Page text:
This fact sheet will help you understand the information contained in a safety data sheet (SDS), what each section in the SDS means and how to check if a SDS complies with the Work Health and Safety (WHS) Regulations.
By reading, understanding and following the information and instructions in an SDS, all chemicals should be able to be used safely in the workplace.
An SDS is a document that provides detailed information about a hazardous chemical, including:
· the identity of the chemical product and its ingredients,
· the hazards of the chemical including health hazards, physical hazards and environmental hazards,
· physical properties of the chemical, like boiling point, flash point and incompatibilities with other chemicals,
· workplace exposure standards for airborne contaminants,
· safe handling and storage procedures for the chemical,
· what to do in the event of an emergency or spill,
· first aid information, and
· transport information.
The information in an SDS is arranged under 16 headings to allow relevant information to be easily located by the person using the chemical. The 16 sections of an SDS are described in further detail below.
Why should I read the SDS?
The SDS is a key information resource for workers and persons conducting a business or undertaking in managing the risks of a hazardous chemical in a workplace. It is important that workers read the SDS carefully and understand its contents before working with a hazardous chemical so that it can be safely stored, handled or used in the workplace.
Not all information about the hazards of a chemical or instructions for safe storage, handling and use may be provided on labels. In most cases, the SDS will contain much more information about a hazardous chemical than appears on the label.
The SDS can be used to assist in assessing specific risks associated with a chemical and in training workers on how to use a chemical safely.
Where do I get an SDS from?
The supplier of a hazardous chemical must provide, free of charge, a copy of the manufacturer or importer’s SDS with the chemical on first supply to the workplace or when asked to do so. If the supplier has not provided you with an SDS for the chemical you are using, you should ask for it before working with that chemical. If the supplier will not provide you with an SDS after being asked for it, then contact your local work health and safety (WHS) regulator.
Check if the SDS complies with the WHS Regulations
You should always check that the SDS relates to the chemical that you have received or are using. This can easily be done by checking that the product or chemical name on the SDS is the same as on the product label of the container.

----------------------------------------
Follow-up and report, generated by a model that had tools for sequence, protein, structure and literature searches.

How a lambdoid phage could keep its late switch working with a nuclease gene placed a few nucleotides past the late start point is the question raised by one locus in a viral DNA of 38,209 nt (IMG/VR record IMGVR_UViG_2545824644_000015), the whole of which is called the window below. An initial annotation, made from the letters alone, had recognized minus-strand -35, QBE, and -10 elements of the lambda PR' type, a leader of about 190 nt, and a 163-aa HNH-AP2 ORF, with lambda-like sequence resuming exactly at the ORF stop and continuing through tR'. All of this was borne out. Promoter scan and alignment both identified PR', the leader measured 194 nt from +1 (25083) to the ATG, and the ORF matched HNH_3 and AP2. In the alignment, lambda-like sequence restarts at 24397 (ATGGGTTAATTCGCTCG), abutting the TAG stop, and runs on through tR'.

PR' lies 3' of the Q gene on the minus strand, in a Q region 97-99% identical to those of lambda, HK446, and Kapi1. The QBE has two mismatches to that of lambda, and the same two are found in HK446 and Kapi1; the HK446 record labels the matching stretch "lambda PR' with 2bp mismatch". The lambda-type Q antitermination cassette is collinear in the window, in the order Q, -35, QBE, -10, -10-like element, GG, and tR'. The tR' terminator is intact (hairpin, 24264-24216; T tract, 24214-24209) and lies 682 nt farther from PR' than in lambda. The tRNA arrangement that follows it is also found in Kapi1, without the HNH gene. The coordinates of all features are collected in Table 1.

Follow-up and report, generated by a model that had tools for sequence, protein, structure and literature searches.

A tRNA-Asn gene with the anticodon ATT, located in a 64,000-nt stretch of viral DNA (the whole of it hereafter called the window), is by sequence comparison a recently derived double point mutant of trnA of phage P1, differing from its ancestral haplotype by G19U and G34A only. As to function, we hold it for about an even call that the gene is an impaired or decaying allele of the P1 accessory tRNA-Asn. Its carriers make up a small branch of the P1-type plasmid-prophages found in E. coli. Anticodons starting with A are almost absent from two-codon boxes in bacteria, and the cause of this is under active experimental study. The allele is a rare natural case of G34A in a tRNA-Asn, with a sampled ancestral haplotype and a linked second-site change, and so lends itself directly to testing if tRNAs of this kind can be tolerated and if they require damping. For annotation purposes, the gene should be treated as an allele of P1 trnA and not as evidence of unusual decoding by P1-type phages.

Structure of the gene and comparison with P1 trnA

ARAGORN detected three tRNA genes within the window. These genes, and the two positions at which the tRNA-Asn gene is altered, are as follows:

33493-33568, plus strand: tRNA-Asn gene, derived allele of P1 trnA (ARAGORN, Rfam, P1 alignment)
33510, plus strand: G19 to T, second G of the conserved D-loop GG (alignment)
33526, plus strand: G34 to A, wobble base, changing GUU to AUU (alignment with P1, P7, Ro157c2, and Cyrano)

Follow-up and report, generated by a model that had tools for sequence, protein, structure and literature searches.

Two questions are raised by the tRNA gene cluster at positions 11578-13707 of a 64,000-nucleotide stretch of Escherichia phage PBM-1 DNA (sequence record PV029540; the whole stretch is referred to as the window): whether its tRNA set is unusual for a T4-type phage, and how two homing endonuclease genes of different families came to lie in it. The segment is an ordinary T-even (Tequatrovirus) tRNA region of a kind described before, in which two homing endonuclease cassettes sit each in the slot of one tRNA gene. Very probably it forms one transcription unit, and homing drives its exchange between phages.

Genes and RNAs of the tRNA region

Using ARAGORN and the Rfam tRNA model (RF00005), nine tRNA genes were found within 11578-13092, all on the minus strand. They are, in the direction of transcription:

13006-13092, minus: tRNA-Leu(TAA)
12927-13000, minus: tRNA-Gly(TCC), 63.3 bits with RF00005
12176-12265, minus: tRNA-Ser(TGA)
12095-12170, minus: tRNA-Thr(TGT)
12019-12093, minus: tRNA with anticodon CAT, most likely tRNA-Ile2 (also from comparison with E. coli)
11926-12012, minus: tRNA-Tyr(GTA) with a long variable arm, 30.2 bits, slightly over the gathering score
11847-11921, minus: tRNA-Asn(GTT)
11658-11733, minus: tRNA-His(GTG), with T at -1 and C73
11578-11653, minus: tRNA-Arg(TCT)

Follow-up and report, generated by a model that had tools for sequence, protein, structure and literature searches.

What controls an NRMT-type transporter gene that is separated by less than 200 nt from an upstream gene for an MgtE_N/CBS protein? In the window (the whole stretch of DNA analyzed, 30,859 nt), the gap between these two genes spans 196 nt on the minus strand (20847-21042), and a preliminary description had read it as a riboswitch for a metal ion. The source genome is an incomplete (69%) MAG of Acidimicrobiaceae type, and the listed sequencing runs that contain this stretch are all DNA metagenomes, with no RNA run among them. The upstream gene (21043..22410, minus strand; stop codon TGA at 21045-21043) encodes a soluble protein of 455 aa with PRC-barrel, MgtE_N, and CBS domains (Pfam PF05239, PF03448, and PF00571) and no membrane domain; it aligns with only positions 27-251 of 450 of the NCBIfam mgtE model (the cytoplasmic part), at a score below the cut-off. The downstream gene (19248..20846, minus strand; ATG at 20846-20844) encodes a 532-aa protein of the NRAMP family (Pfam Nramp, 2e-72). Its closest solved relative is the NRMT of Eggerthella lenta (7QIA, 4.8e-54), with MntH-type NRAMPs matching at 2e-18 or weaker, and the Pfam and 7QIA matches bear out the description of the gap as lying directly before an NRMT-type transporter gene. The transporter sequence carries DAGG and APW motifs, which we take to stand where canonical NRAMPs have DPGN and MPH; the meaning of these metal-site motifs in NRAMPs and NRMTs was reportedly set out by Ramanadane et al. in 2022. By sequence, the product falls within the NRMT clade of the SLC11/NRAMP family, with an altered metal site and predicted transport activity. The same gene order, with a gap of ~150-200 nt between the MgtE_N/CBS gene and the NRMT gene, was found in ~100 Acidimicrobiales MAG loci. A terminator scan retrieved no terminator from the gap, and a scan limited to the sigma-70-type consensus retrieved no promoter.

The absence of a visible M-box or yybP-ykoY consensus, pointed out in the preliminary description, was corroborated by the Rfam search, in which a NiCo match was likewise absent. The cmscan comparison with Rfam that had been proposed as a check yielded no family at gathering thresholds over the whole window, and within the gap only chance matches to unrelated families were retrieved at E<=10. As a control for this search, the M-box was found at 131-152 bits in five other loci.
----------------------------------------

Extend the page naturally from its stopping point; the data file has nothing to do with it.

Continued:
Before using a chemical in the workplace, you should also make some simple checks to see whether it complies with the WHS Regulations.
· Is the SDS written in English?
· Does the SDS contain 16 separate headings? These, and the contents of each section, are further discussed below.
· Does the SDS state the name, address and business telephone number of the Australian importer or manufacturer?
· Does the SDS give an Australian business telephone number from which further information about the chemical can be obtained in an emergency?
· Was the SDS prepared within the last five years?
If you cannot answer yes to all of the above questions, the SDS you have been given does not comply with the WHS Regulations. In this instance, you should contact the supplier, importer or manufacturer for an up-to-date and compliant SDS and refrain from using the chemical until you obtain the correct SDS.
If the supplier cannot or will not provide a compliant SDS, contact your local work health and safety regulator.
Keeping SDS in the workplace
A register of hazardous chemicals used, handled or stored at the workplace must be prepared and kept up-to-date at the workplace and must also include the current SDS for each of these chemicals.
This register must be readily available to all workers who use or may be affected by the chemicals at the workplace.
What information is on an SDS?
An SDS which complies with the WHS Regulations contains the following 16 separate sections each with specific information relating to the chemical being used, handled, stored, transported or disposed.
Section 1 - Identification:
Contains the product identifier or tradename, contact details of the manufacturer or importer responsible for supplying the chemical, and the telephone number to contact in case of an emergency. The information in this section should be consistent with the label.
Section 2 – Hazard(s) identification
Gives details on the potential health and physical hazards of the chemical. This information can be used to help assess the risks to the health and safety of workers, other people, and the environment. The information in this section should be consistent with the information on the label. In some cases there may be more information on the SDS than on the label.
Section 3 - Composition and information on ingredients
If the chemical is a mixture, this section should provide the information on the identity and proportions of hazardous ingredients in the mixture.
Section 4 - First-aid measures
Describes the necessary first aid measures to be taken in case of an accident.
Section 5 - Fire-fighting measures
Gives specific information on fighting a fire involving the chemical, including the most suitable extinguishing media and other protective measures.
Section 6 - Accidental release measures
Describes what actions need to be taken if there is an accidental release or spill of the chemical to minimise adverse effects on people, property and the environment.
Contains details on how to handle and store the chemical safely to minimise the potential risks to people, property and the environment.
Section 8 - Exposure controls and personal protection
Provides information on control measures that can be used to reduce exposure, for example, engineering controls, information on exposure standards and guidance on required personal protective equipment (PPE).
Section 9 - Physical and chemical properties
Provides detailed information on the physical and chemical properties of the chemical, for example, appearance, odour, pH, flash point, melting/boiling point or any other relevant physical data.
Section 10 - Stability and reactivity
Contains details of any hazardous reactions that may occur if the chemical is used under certain conditions and details of any incompatible materials